Yea, on these principles, it will not only follow that men cannot have any reasonable ground of judgment or conjecture that their means and Endeavours to obtain virtue or avoid vice will be successful, but they may be sure they will not; they may be certain that they will be in vain; and that if ever the thing which they seek comes to pass, it will not be at all owing to the Means they use. For Means and Endeavours can have no effect at all, in order to obtain the end, but in one of these two ways: either (1.) Through a natural tendency and influence to prepare and dispose the mind more to virtuous acts, either by causing the disposition of the heart to be more in favour of such acts, or by bringing the mind more into the view of powerful motives and inducements: or, (2.) By putting persons more in the way of God's bestowment of the benefit. But neither of these can be the case. Not the latter; for, as has been just now observed, it does not consist with the Arminian notion of self-determination, which they suppose essential to virtue, that God should be the Bestower, or (which is the same thing) the determining, disposing Author of Virtue. Not the former; for natural influence and tendency suppose causality, connection, and necessity of event, which are inconsistent with Arminian liberty. A tendency of Means, by biassing the heart in favour of virtue, or by bringing the will under the influence and power of motives in its determinations, are both inconsistent with Arminian liberty of will consisting in indifference, and sovereign self-determination, as has been largely demonstrated.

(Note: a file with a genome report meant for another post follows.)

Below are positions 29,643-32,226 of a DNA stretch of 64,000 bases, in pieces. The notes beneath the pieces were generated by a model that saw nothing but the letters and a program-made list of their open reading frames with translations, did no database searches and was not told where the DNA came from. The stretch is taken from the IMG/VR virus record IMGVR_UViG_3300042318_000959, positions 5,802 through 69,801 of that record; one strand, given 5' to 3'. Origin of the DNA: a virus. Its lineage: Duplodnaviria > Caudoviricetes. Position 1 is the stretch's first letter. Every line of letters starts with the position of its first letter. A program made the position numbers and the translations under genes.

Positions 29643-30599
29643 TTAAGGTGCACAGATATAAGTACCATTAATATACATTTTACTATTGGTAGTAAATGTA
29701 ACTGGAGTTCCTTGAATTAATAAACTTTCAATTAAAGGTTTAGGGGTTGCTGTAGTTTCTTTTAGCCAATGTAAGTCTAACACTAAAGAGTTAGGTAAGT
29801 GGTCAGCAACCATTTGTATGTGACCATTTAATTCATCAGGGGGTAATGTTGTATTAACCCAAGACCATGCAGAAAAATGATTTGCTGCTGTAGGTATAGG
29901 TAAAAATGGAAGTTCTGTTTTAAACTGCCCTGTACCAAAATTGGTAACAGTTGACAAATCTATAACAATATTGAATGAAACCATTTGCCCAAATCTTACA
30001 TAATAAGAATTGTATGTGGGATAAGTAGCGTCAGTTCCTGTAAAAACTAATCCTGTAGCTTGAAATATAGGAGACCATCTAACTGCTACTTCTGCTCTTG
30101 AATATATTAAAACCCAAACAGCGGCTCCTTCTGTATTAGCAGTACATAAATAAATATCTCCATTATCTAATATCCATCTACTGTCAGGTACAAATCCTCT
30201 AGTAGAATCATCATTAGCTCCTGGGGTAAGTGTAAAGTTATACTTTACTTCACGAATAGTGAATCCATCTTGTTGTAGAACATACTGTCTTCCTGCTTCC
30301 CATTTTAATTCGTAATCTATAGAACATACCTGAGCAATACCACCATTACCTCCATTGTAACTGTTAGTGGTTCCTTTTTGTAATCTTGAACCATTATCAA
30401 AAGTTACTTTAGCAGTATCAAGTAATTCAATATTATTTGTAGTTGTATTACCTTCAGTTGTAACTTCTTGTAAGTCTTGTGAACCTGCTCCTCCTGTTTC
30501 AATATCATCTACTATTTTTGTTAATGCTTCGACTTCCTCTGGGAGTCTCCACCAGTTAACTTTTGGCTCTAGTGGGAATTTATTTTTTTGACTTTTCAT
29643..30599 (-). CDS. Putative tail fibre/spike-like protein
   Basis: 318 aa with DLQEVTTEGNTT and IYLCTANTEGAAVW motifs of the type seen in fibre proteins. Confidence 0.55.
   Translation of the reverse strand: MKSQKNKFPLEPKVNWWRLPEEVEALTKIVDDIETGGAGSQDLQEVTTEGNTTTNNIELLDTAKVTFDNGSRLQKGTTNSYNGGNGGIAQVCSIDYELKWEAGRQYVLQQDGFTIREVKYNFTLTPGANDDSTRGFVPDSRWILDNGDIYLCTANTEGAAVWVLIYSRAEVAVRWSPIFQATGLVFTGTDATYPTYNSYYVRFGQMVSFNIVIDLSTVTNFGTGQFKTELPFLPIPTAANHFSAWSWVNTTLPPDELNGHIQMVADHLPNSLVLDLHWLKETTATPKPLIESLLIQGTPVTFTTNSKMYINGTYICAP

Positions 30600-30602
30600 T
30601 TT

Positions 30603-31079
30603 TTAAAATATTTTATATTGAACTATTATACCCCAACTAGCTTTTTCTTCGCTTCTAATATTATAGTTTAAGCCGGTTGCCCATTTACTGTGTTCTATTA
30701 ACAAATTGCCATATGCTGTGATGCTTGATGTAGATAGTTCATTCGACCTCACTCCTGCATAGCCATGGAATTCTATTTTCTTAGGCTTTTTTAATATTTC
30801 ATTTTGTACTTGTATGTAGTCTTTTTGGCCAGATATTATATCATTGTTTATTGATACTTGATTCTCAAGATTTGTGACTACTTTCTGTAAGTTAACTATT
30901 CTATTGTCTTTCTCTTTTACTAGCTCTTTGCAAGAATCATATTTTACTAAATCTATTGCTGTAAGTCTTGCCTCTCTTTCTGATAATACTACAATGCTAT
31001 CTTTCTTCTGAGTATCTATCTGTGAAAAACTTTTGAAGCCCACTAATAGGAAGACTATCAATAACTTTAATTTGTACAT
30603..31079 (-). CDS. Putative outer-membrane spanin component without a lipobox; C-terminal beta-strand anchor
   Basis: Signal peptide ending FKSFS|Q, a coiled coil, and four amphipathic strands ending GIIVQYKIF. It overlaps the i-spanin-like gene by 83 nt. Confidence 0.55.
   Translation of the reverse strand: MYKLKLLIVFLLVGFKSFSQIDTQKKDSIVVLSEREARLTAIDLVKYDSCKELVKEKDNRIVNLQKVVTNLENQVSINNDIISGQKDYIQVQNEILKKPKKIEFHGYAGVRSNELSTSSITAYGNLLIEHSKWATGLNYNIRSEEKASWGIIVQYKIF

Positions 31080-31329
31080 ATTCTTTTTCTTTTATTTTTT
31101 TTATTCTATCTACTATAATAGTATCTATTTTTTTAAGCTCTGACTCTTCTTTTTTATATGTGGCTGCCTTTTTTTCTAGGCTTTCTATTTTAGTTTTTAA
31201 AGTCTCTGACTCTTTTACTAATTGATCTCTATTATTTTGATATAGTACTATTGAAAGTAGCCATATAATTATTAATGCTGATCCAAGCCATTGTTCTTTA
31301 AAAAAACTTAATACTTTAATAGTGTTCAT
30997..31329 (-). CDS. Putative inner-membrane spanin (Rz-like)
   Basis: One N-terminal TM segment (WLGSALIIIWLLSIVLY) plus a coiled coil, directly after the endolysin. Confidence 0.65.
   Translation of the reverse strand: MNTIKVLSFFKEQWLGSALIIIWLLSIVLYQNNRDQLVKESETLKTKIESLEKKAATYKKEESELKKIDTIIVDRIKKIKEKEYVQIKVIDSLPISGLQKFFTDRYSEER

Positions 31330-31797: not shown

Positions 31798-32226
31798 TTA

But for the more full removal of this prejudice against the doctrine of necessity, which has been maintained, as though it tended to encourage a total neglect of all Endeavours as vain; the following things may be considered.

The question is not, Whether men may not thus improve this doctrine: we know that many true and wholesome doctrines are abused: but, whether the doctrine gives any just occasion for such an improvement; or whether, on the suppo